ONLY one in five Irish women who are told they have the same faulty gene as Angelina Jolie opts for a double mastectomy, according to a Dublin specialist.
Dr David Gallagher, a cancer geneticist at the Mater Private Hospital in Dublin, said the remaining women who are told they have the BRCA-1 gene after a blood test opt for regular screening.
However women have to wait 18 months for the test to be carried out to determine whether they are carrying the gene. Private health insurers do not cover the cost of the test and it costs €1,400 to have it done privately.
"Both approaches are very effective in preventing women dying of cancer. If you are having screening you are still at risk of getting cancer and needing treatment – but it will be early, curable cancer.
"If you take the decision to have a mastectomy you reduce your risk of ever getting breast cancer by greater than 90pc," said Dr Gallagher.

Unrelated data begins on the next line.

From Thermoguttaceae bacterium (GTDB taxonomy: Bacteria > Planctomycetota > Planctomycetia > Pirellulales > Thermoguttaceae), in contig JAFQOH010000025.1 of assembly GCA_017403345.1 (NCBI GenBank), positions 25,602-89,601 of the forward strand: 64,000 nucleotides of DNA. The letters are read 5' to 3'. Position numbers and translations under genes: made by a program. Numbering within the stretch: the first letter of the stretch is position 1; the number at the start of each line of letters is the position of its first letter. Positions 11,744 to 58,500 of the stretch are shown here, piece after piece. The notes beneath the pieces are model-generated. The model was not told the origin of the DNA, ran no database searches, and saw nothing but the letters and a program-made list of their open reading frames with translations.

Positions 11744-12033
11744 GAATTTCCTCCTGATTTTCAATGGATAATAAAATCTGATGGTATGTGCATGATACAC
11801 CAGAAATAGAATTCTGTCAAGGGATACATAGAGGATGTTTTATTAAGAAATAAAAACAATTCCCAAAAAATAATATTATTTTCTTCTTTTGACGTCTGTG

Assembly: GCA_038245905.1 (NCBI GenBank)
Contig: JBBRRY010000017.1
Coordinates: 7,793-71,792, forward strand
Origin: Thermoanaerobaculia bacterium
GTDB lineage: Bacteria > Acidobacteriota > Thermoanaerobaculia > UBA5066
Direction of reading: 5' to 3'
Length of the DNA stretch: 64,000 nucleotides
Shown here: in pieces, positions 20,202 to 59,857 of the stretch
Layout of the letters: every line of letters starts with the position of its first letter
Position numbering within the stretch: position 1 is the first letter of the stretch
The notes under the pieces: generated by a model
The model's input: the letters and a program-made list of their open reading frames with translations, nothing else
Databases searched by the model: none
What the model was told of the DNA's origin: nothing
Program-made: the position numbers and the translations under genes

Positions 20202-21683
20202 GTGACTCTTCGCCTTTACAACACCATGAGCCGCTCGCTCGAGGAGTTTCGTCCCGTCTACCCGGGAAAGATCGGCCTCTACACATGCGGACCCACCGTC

It is very much a woman's decision whether she removes her breasts because of the screening alternative, but for those who risk ovarian cancer the advice is to remove her ovaries at a suitable stage of her life. Screening works for breast cancer but this option is not available for those at ovarian cancer risk.
Around .07pc of women carry these BRCA-1 or BRCA-2 gene which increases their lifetime risk of breast or ovarian cancer.
Dr Gallagher said it was important for women to realise that even if they have the faulty gene there is no guarantee they will develop cancer.
The National Cancer Helpline on 1800 200 700 provides information and support on breast cancer.